The goal is to stay in touch with contractors so that you know what progress is being made, but not be too domineering. During a project, a daily check-in is advised. This could be a quick phone call or Skype chat. At the end of each day, it’s helpful to have your contractor deliver a daily email summary explaining what was done, where things are, and if the project is still on track to be finished according to the terms. (Better yet, use a project management app or platform to keep everyone on the same page.)
Never make yourself off-limits to a contractor. The more open you are to communication, the less risk there is of something being misinterpreted or overlooked.
Wow Your Contractors
Contract work can be difficult for freelancers – particularly in the crowded marketing space. Sure, projects and jobs are a dime a dozen, but so is unreliability. Talk to any contractor who has done work in this industry for longer than a few months, and they’ll be able to tell you about a time they were burned or mistreated. That’s just the cold, hard truth.
Flip your perspective around for a moment and think of your work arrangement from the contractor’s point of view. If a company does what they say they’re going to do, pays on time, makes it easy to get work done without unnecessary distractions, and provides a reliable stream of work, you’d want to keep working for this company – right?
By wowing your contractors – and this simply means doing what you say you’ll do – you’ll find that you’re able to attract the best designers, writers, editors, etc. Not only will your best contractors stick around, but they’ll tell their peers. You’ll have your pick of the best freelancers on the block. It’s a cycle that feeds itself!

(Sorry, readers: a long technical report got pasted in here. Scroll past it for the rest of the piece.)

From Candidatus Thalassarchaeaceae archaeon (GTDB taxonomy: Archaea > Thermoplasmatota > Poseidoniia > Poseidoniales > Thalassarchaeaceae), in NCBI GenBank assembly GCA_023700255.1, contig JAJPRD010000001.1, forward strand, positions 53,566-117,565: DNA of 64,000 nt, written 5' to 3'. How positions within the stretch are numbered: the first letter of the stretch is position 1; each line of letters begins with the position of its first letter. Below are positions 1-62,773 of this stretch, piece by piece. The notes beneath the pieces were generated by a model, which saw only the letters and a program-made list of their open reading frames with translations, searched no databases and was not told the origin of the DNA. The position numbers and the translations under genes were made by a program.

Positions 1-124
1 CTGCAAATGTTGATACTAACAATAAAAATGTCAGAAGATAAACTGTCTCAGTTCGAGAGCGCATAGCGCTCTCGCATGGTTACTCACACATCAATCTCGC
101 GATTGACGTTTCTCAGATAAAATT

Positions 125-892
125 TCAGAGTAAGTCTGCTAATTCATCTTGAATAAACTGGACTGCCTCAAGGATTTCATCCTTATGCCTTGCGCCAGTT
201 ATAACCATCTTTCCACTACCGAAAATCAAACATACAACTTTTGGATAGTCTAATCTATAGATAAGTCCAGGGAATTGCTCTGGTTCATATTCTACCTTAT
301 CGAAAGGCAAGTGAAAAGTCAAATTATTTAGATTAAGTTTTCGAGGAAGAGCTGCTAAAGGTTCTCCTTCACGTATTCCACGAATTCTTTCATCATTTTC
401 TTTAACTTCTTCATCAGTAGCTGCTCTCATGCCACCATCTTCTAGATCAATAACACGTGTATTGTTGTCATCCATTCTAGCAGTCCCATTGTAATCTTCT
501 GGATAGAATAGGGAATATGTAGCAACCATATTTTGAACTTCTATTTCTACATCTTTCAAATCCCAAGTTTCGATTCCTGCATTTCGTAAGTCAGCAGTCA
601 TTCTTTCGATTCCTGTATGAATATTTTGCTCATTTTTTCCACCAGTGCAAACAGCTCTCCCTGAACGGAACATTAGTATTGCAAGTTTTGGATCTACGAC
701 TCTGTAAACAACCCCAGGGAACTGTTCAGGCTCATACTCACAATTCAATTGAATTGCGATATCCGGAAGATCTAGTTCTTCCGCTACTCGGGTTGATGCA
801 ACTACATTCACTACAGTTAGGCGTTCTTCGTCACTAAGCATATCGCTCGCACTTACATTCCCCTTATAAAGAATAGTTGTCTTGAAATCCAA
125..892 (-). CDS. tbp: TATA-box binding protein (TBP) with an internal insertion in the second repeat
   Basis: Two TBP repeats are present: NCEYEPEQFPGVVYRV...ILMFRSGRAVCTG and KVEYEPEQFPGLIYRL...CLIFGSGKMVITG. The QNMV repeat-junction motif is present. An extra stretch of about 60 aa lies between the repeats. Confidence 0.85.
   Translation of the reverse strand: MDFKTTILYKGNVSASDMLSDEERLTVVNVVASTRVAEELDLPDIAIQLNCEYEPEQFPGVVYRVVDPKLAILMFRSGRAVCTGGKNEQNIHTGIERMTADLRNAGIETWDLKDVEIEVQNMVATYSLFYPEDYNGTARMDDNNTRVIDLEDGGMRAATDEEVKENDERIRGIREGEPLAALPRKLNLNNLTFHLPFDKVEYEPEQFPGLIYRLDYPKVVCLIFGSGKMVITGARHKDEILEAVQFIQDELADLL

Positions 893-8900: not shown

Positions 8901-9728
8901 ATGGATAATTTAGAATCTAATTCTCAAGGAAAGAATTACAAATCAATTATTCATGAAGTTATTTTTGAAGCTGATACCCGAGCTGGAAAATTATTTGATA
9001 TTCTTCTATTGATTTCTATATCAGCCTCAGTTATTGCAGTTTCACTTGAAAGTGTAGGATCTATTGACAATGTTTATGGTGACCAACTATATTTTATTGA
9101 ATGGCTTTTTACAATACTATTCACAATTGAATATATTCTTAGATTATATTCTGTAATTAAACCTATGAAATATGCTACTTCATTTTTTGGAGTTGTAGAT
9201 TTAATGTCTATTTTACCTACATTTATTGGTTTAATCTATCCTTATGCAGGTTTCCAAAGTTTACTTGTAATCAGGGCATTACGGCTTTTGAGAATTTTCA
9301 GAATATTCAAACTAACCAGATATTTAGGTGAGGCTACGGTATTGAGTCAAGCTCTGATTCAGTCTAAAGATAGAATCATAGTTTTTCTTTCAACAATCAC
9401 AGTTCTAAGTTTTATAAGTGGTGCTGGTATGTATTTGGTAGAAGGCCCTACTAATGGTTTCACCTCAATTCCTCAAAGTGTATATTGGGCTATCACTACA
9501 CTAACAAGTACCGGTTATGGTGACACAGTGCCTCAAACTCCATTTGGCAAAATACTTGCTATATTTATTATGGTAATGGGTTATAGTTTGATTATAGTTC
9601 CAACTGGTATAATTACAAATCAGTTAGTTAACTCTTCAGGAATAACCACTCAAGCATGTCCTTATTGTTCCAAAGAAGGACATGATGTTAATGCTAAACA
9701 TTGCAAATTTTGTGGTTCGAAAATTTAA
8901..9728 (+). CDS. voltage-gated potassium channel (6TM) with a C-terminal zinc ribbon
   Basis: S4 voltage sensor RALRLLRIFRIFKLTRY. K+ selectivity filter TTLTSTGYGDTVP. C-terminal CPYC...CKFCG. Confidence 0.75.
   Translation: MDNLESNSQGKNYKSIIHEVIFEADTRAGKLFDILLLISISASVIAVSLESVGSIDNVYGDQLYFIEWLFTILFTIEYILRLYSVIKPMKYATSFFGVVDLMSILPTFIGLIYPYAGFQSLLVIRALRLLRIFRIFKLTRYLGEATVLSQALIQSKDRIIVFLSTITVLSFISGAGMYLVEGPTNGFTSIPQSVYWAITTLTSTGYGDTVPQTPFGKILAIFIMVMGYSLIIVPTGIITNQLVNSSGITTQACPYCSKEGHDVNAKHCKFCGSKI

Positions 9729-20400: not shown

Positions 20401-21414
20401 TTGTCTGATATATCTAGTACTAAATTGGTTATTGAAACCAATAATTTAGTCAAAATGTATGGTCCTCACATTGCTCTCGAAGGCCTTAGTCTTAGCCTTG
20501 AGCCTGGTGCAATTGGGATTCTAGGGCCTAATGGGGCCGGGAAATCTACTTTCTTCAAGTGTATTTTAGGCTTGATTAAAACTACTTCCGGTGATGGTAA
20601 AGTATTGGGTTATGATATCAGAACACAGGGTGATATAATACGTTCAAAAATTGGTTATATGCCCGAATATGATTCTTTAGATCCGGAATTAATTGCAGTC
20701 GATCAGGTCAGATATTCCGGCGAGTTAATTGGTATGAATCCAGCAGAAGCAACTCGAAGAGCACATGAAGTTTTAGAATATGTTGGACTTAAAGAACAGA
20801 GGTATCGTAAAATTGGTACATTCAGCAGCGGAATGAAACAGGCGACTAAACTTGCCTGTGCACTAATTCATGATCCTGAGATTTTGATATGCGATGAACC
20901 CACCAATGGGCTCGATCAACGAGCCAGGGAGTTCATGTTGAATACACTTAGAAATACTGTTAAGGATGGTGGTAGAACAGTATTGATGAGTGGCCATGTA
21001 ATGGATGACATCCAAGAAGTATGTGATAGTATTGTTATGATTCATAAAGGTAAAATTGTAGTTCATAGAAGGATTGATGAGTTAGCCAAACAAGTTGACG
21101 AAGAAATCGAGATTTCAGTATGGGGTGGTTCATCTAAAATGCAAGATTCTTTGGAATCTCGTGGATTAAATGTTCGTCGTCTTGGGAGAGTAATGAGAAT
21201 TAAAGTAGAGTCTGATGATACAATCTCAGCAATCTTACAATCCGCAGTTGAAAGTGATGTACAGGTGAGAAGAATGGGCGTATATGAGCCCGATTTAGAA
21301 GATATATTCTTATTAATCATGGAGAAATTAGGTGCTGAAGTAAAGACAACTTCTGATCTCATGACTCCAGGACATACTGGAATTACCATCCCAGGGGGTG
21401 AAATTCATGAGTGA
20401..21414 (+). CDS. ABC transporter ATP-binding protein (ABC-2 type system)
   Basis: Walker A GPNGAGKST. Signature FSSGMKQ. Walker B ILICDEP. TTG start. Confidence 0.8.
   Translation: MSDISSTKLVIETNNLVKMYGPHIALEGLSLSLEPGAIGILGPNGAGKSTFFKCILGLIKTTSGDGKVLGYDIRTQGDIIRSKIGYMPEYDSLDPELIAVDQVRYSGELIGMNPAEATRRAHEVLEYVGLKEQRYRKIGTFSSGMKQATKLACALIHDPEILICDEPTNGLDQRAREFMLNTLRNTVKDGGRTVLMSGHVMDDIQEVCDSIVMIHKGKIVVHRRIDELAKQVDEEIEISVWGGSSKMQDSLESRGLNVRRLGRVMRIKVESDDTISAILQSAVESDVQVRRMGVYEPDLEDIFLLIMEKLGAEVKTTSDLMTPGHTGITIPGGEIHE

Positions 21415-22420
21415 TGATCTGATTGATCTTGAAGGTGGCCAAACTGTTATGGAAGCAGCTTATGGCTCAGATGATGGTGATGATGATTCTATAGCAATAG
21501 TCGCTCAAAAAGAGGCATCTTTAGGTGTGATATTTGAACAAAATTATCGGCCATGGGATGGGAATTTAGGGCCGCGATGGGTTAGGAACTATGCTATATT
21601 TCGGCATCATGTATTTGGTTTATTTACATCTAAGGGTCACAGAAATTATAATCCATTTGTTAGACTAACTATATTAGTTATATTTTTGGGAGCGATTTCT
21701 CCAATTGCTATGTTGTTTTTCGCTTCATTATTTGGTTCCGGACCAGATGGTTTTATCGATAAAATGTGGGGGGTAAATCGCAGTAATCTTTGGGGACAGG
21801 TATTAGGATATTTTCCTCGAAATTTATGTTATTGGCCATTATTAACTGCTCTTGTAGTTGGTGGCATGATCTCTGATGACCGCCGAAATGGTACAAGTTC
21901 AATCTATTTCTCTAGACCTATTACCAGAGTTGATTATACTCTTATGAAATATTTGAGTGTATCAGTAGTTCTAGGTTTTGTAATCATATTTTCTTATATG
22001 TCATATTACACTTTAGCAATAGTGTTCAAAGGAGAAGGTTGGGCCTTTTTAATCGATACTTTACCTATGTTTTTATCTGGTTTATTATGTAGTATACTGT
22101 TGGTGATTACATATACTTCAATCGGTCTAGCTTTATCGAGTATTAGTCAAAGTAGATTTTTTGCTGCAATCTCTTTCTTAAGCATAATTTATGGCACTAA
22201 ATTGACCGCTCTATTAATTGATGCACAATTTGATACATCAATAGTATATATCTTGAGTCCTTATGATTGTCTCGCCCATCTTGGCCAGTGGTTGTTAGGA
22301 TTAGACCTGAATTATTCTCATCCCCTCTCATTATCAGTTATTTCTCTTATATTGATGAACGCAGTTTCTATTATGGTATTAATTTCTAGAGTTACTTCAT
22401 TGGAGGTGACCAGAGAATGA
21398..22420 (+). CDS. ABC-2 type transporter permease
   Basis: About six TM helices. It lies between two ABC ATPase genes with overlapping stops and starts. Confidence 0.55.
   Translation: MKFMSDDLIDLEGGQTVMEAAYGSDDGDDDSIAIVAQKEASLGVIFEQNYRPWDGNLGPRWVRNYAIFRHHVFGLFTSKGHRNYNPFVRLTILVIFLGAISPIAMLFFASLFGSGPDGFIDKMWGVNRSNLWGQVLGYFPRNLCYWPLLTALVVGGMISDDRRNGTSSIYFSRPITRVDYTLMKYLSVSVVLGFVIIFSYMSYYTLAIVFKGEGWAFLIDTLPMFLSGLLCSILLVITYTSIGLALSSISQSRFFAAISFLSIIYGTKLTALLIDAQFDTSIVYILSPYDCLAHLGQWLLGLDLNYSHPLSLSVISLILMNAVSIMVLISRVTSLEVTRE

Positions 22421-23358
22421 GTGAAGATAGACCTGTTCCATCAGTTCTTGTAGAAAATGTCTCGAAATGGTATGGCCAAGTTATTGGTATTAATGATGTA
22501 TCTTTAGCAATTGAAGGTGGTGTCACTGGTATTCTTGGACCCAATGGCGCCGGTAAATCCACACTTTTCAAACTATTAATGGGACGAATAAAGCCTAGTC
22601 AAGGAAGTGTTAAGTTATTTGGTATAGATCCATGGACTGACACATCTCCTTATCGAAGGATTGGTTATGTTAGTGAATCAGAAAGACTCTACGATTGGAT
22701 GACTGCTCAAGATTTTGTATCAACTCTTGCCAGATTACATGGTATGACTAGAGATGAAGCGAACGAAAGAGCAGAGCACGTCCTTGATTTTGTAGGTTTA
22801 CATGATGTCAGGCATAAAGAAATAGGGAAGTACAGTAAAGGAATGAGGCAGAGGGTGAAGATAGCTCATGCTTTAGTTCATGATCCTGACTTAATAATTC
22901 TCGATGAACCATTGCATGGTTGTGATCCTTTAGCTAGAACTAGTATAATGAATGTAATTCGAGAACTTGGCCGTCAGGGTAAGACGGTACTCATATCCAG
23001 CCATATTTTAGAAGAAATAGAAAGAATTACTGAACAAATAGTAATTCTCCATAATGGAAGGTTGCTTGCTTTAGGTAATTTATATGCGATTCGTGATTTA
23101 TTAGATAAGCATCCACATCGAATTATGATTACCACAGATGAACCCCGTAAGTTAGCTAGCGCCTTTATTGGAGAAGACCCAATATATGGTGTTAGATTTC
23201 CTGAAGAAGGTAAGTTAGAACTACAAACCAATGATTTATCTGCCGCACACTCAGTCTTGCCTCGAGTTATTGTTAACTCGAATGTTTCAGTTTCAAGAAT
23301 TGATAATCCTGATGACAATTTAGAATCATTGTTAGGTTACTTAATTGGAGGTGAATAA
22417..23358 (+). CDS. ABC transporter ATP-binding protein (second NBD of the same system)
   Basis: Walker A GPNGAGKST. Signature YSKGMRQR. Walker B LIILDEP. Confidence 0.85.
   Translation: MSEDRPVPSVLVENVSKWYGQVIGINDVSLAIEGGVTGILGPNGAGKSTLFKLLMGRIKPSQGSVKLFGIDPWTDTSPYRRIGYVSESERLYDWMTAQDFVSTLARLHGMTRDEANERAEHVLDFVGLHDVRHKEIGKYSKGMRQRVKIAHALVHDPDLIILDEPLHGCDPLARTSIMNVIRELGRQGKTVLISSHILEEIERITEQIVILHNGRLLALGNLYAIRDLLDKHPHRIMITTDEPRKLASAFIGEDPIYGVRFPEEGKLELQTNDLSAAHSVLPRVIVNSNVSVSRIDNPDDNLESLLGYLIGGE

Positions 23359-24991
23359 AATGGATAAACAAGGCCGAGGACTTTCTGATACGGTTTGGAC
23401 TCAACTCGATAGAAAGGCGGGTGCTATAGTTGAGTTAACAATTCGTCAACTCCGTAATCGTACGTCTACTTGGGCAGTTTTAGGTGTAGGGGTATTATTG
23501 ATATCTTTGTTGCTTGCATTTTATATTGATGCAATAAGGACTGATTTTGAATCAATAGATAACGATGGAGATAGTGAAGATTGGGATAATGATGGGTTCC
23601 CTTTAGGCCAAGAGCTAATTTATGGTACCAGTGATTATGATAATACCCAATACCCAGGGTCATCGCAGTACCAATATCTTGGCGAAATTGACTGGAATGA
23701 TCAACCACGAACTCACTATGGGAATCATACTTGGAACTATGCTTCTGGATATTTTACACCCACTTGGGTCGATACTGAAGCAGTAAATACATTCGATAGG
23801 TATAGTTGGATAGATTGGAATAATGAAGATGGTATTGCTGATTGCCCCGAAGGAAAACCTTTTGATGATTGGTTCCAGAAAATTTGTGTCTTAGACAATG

Adding it All Up
Contract workers are the present and future of the global workforce. For marketing agencies, this notion has become abundantly clear over the past few years and will be further crystalized over the decade to come. By understanding when to hire contractors and how to manage them, you’ll see significant improvements in productivity and profitability (while simultaneously reducing risk).
Always be thinking about the future and how you can set your business up for long-term success. Modernization is an important component of organizational growth and sustainability. Stay abreast of the major shifts in management and adapt in a way that fits your brand’s underlying values and mission.